The Blackout (Why #BlackLivesMatter Owes Nothing To You)

Jose Vilson Education, Jose, Race

“If I woulda known what I knew in the past, I woulda been blacked out on your a …” – Kanye West, “Black Skinhead

At any given moment, any given rally, for any presidential candidate, a set of protestors under the Black Lives Matter umbrella could bumrush the stage and lay out a list of names, stymieing the rah-rahs of the onlookers and bystanders in the crowd. The focus on Senator Bernie Sanders and former Senator Hillary Clinton have been particularly poignant because, for decades, the Democratic Party has taken the vote from people of color for granted, as if abstaining from the political process isn’t an option. Yet, as Kelly Wickham is quick to remind us, the BLM movement doesn’t actually have to do the bidding of any particular party. The means and ends are justified because the end is equity in survival.

So when my name was invoked in a discussion around the intersections of #BlackLivesMatter and public school advocates, I laughed because the education space has a similar set of leaders vying for the front of the discussion. I’ve seen a crowd of so-called white progressives converge on my blog the last time I pleaded with them to decentralize their narrow concerns and fight for equity by putting race, class, and gender in the center of the struggle for educational equity. For what it’s worth, it’s the same group that will have a visceral reaction to hearing that the New York State opt-out movement was mostly suburban and white, but did nothing to highlight the cases across America where students of color opted out.

In a few blogs I’ve read this year, the authors of certain posts (I’m not giving them views) thought it was high time for the leaders of the BlackLivesMatter movement to become allies with pro-public education folks and fight against the ostensible Gates / Walton / Broad / TFA coalition and set America straight. The comments on these posts were rife with quandaries about the leaders of the BLM, their intentions, and dubious connections to the very foundations public school advocates profess to hate.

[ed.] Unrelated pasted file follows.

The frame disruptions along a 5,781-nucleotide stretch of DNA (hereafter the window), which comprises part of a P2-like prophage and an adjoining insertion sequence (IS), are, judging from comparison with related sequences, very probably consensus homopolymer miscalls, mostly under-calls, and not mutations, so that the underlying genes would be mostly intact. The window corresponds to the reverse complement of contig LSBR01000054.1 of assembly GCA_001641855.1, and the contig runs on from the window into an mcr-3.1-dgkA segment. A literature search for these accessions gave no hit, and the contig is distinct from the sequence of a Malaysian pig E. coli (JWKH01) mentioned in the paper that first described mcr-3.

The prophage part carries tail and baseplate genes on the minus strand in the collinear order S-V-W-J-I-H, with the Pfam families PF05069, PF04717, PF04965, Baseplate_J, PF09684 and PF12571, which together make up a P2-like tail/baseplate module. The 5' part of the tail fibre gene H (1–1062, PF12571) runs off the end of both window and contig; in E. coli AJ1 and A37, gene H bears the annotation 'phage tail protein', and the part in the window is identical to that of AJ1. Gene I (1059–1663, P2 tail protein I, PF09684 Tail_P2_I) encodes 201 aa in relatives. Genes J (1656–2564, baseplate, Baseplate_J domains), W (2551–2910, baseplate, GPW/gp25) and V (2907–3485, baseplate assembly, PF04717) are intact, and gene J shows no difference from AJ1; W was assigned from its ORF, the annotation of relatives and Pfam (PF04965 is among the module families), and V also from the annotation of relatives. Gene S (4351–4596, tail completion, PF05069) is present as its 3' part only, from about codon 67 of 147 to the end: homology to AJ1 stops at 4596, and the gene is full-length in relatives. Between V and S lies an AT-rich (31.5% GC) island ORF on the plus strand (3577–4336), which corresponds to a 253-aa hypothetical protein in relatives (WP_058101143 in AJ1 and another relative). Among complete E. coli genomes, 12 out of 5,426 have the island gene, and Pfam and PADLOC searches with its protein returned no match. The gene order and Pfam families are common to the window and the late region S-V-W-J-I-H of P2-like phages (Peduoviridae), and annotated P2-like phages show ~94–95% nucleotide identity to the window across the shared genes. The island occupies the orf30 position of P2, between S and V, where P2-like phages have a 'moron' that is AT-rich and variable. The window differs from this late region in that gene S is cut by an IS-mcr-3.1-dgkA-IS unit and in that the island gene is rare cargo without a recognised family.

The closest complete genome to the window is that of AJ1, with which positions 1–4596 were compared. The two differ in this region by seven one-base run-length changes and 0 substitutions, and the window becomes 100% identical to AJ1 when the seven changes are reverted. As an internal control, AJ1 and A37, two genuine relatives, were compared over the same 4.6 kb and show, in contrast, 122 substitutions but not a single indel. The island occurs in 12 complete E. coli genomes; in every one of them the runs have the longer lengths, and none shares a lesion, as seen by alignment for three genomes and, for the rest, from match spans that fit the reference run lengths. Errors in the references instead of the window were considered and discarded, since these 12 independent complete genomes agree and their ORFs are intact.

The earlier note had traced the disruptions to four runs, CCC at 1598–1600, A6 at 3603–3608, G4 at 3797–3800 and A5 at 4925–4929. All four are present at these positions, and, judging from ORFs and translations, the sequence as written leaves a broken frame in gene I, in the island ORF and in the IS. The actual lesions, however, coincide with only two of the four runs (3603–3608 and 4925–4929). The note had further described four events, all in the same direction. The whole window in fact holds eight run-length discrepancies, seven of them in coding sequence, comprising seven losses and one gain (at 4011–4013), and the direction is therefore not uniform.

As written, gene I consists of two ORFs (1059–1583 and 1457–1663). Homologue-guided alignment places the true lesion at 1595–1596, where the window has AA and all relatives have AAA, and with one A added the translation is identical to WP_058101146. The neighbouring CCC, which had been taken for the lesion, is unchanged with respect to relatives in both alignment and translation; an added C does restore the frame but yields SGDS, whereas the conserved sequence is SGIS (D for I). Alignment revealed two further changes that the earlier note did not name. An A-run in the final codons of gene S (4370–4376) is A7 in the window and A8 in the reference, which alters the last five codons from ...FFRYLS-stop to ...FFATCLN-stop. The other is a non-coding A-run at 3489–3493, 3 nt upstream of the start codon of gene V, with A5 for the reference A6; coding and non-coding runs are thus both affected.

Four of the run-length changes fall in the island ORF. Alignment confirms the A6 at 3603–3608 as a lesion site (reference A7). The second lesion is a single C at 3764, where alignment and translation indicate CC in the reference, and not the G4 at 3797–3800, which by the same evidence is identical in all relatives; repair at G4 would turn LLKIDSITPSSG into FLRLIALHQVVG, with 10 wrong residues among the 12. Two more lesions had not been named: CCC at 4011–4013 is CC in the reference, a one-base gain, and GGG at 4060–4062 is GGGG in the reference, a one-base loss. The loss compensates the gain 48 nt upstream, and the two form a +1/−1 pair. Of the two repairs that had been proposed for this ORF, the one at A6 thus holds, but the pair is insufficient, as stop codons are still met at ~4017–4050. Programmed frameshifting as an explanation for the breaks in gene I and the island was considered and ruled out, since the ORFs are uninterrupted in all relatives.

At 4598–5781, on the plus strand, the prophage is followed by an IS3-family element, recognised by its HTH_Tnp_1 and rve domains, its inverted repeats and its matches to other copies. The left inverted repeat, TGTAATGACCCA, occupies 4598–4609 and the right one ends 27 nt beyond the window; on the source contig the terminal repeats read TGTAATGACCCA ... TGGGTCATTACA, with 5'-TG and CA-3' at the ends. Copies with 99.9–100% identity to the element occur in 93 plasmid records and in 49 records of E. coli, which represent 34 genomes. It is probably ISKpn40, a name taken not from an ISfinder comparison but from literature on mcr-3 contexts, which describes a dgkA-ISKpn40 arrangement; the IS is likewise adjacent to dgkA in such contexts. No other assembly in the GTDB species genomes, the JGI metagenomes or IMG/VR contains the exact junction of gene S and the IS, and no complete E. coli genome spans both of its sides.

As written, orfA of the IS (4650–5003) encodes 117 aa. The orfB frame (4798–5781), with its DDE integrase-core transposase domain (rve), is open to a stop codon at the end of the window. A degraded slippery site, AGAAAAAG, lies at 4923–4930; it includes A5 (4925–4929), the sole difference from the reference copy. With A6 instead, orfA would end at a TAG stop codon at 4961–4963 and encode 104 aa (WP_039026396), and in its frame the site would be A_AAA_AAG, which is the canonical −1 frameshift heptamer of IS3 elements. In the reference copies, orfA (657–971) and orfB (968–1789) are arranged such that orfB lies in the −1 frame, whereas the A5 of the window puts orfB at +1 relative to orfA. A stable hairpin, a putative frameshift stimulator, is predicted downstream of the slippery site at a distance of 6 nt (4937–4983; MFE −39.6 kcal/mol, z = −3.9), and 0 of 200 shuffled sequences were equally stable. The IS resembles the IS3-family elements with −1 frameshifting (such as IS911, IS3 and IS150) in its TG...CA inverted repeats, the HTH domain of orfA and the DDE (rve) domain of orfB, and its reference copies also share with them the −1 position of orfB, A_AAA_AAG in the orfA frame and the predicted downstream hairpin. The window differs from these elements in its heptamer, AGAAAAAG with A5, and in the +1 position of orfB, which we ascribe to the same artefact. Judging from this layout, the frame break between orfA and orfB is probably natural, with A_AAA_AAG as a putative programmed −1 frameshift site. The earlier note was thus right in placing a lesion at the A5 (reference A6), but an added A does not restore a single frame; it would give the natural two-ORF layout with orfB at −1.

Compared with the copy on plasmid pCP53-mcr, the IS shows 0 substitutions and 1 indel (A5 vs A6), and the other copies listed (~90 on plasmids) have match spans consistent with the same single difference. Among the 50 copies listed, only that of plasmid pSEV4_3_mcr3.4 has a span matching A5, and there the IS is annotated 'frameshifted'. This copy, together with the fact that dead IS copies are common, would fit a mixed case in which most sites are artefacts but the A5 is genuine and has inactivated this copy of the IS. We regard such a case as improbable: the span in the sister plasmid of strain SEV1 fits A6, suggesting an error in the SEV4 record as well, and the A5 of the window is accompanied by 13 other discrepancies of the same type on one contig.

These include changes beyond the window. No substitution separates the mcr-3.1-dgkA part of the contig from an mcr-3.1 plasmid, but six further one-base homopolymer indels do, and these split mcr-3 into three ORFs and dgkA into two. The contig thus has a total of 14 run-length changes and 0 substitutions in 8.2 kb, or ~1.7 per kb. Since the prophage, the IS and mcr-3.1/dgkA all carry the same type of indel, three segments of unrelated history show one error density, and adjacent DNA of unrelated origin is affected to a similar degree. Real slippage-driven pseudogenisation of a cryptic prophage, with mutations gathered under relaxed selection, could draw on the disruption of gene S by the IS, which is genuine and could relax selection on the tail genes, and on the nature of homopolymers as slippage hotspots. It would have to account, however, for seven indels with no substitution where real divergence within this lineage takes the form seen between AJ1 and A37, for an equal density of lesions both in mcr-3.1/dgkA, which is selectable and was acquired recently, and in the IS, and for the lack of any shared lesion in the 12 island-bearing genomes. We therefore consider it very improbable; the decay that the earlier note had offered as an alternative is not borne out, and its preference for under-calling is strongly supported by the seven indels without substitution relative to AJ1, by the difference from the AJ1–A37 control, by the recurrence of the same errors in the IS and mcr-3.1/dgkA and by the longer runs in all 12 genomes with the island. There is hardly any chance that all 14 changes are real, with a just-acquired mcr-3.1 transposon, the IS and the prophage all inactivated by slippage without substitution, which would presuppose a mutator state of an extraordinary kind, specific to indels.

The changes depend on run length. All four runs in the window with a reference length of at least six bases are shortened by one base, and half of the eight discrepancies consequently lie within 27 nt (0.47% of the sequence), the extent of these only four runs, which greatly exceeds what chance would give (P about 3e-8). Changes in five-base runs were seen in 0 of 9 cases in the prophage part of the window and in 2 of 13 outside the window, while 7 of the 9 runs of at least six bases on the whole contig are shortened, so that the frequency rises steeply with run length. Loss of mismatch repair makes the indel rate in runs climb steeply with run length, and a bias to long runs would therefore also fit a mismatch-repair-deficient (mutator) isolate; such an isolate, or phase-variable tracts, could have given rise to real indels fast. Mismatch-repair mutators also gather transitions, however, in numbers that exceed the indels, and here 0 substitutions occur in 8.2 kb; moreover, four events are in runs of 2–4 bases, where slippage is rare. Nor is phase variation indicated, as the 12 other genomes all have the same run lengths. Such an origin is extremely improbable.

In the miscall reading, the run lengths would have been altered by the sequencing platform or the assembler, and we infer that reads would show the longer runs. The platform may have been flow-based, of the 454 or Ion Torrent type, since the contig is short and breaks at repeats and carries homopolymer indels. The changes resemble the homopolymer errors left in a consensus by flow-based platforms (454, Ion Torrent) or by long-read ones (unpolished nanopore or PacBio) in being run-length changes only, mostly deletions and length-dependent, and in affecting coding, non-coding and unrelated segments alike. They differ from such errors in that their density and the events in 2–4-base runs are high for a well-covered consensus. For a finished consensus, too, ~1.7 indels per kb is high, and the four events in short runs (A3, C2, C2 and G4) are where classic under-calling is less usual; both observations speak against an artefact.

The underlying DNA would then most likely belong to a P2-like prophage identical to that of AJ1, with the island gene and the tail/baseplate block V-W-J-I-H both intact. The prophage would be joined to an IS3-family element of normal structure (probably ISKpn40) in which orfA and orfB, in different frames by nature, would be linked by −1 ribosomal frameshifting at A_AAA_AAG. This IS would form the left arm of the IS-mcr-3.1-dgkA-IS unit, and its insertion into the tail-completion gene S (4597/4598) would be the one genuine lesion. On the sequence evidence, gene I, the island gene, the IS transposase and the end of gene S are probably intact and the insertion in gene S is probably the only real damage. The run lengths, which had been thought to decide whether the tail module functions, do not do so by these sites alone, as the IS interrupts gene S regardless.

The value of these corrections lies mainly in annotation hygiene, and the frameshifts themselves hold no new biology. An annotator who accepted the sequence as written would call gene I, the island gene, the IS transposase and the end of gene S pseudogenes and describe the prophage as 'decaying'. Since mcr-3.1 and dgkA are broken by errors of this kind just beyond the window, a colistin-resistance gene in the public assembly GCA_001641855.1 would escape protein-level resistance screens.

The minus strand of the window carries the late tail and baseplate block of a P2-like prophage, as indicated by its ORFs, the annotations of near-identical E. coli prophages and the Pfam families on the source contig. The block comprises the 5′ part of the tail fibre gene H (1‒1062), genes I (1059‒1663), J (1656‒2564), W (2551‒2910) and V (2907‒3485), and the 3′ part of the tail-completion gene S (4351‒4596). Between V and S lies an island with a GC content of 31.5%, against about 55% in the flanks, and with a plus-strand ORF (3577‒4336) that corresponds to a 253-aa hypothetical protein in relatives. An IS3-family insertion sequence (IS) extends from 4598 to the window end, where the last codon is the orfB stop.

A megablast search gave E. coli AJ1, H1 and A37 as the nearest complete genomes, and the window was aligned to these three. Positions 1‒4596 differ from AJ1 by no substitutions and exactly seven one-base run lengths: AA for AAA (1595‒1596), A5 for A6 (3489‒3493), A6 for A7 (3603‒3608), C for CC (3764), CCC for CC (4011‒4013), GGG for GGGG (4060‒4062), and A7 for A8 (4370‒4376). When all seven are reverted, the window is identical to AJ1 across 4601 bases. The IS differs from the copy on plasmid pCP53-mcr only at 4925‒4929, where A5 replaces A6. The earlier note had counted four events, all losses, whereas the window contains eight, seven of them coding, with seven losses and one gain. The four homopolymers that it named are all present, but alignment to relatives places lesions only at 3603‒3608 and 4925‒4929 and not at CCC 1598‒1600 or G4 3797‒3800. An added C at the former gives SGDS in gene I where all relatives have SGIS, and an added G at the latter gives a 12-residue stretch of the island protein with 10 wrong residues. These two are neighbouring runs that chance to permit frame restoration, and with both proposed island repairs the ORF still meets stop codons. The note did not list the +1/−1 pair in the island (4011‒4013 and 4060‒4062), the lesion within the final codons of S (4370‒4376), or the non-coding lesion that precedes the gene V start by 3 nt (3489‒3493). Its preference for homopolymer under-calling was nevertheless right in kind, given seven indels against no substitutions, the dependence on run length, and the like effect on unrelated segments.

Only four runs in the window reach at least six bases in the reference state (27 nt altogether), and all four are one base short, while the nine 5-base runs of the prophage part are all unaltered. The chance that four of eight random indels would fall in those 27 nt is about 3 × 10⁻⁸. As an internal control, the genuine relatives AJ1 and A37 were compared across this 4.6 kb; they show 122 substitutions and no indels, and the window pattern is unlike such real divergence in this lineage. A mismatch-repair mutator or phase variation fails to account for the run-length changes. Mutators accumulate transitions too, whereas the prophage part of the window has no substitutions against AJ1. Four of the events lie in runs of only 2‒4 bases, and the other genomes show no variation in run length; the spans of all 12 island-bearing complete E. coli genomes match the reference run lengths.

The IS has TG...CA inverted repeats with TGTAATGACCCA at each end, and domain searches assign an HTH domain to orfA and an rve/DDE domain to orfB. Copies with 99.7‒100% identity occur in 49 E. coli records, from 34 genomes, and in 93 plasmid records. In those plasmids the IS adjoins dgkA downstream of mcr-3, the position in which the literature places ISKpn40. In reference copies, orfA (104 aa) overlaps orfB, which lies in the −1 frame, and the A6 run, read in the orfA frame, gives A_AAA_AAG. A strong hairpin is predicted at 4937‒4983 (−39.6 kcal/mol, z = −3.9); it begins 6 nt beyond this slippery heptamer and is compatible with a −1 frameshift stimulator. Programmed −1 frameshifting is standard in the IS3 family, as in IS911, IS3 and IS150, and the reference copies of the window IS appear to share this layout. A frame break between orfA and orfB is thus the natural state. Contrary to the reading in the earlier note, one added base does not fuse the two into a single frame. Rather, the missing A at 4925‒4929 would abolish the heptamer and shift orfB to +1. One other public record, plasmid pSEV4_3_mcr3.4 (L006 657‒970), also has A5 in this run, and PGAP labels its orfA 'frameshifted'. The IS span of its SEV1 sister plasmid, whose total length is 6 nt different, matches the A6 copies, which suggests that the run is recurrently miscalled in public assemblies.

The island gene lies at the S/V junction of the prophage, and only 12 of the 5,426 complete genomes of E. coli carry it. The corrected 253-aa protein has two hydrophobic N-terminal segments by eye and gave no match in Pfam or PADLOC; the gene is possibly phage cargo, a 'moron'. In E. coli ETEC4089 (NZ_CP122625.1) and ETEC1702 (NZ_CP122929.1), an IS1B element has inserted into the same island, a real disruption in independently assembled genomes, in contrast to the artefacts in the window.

Here’s a sampling:

Are the #BlackLivesMatter leaders part of TFA? How do we know that we can trust people of color to govern themselves with the likes of President Barack Obama, a Black person, leading the charge against public schools? Before he uttered the phrase “I can’t breathe,” did a younger Eric Garner say “I can’t learn?” Is any organization with Black people in it complicit because they take Gates money? Are the decontextualized lessons of Martin Luther King Jr.’s life appropriate for me to use right now and is he the only black person then and now that I can rely on to tell me the truth on Black lives? Can I really chant Black Education Matters while still centering myself in the activism of people who aren’t me?

I’m speaking in hyperbole, but I’m also not far off. Just before I almost hit the comment button, I thought to myself, “What would this bring me besides more burning bridges?”

Then again, if the bridges are that flammable, then maybe they were going to burn regardless.